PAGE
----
“It’s all about comparison shopping.”
INBOUND: I believe I’ve heard you say that among major chains, Hilton is still doing it that way.
JS: Yes, one of the receptives at RTO West told us that Hilton has suddenly opened up inventory to them on International FIT Rates he attributed to the fact that they had lost substantial business with last year’s “Stop Clicking Around,’ but consumers didn’t respond to that because they’ve been conditioned to go to Expedia or Booking.com, where they can easily evaluate the best available rates for a four-star hotel instead of just going to one brand after they see an ad. The OTAs have rendered the hotels a commodity by forcing rate parity agreements which basically require the rates to vary no more than a dollar from the hotels best available rate.
INBOUND: So, how are the receptives dealing with this?
JS: Most of the receptive operators are small businesses that have under 15 to 20 employees who don’t have the volume or financial resources to do enable them to directly connect to dynamic. They’ve either moved away from the FIT business which American Ring Travel, a mid-size RTO, has done so they can strictly focus on providing elevated service to groups. Those that have remained in the FIT business are either working with independent hotels who are open to International FIT Rates, or they are buying from their competitors like Hotelbeds, which has 180,000 hotels that they can access, in which case they are sacrificing margin. Additionally, I found out the hard way, they’re also buying from Expedia’s wholesale platform.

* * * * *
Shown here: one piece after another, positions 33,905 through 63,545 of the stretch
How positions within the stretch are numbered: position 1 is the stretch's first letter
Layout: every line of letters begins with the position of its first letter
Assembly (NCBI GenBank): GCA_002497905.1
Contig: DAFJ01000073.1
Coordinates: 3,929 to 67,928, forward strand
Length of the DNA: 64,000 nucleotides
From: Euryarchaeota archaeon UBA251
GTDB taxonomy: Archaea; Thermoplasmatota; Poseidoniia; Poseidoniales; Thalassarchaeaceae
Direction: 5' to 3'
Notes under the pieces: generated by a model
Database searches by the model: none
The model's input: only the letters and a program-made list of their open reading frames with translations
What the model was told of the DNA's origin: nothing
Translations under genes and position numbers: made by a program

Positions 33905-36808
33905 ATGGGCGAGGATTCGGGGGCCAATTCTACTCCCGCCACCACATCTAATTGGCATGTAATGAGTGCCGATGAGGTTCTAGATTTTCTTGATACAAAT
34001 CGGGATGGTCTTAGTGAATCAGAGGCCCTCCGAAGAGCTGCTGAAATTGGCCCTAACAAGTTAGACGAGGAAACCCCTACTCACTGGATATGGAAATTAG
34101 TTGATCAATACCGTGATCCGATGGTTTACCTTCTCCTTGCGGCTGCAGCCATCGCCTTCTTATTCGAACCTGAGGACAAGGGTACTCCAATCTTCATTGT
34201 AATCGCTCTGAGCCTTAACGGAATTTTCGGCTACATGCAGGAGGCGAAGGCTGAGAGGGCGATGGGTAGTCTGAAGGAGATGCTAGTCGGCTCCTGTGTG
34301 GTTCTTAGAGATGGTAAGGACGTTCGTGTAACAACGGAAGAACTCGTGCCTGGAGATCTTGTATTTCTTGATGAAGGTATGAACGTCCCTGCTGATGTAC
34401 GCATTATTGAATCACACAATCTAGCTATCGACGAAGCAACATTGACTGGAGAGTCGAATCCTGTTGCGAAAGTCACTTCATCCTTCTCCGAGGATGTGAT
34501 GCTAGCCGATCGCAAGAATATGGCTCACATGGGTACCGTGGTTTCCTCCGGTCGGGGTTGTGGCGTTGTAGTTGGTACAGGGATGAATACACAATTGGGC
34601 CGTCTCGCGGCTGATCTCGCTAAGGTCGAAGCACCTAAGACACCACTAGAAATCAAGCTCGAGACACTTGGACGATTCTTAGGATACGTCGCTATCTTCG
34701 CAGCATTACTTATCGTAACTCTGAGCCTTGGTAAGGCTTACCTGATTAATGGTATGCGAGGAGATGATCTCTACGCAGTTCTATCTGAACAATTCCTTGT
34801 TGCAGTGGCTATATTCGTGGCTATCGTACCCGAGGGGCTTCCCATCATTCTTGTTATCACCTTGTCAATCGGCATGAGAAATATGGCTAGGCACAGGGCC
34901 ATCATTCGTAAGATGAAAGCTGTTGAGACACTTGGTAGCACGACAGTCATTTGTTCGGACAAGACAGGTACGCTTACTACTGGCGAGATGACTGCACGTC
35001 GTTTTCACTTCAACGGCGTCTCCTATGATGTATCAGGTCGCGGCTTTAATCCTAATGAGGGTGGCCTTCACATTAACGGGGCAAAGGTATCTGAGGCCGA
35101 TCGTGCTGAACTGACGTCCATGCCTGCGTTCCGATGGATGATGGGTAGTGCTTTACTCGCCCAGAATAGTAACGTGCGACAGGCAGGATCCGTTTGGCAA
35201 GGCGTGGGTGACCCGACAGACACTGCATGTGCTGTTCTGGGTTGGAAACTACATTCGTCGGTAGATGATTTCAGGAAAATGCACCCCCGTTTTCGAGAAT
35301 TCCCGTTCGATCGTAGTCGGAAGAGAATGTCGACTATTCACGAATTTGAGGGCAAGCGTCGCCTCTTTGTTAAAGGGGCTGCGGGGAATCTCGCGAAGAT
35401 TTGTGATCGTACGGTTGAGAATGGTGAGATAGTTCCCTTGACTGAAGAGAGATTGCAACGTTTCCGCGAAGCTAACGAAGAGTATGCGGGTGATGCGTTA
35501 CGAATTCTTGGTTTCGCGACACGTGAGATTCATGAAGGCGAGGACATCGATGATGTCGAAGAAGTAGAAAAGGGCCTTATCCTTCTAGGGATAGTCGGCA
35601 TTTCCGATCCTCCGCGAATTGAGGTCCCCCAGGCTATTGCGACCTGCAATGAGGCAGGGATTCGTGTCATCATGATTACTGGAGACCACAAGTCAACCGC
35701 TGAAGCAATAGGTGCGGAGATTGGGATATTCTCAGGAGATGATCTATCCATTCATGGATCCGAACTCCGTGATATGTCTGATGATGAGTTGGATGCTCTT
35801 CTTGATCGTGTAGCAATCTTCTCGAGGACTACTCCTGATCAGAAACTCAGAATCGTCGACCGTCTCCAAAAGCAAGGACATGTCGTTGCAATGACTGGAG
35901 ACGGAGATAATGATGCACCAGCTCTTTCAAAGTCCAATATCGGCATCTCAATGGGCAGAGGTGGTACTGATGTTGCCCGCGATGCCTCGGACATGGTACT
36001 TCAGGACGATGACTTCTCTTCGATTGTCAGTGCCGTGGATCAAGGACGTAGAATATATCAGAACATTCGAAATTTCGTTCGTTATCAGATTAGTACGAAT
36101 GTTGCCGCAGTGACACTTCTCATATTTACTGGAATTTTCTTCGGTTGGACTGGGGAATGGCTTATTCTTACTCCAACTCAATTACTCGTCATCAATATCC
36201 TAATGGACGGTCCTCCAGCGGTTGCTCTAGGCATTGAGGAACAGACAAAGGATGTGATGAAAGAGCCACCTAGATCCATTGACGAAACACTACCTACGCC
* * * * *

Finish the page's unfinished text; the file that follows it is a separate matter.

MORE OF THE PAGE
I recently traveled to Australia and New Zealand and booked the entire trip through a travel agent—Flight Centre—in New Zealand. At check-in there was a problem with the room and we requested to be moved but they wouldn’t comply because our room was booked through Expedia. The Flight Centre, perhaps the largest mass-market travel agency in Australia and New Zealand, sent us our itinerary and confirmations and I found the name of a wholesaler who I’d never heard as the source of our rooms. They told me our bookings were made through a wholesaler who offered better rates than theirs. At the hotel the front desk the wholesaler was booking through Expedia, which meant that three different entities were receiving commissions from that booking.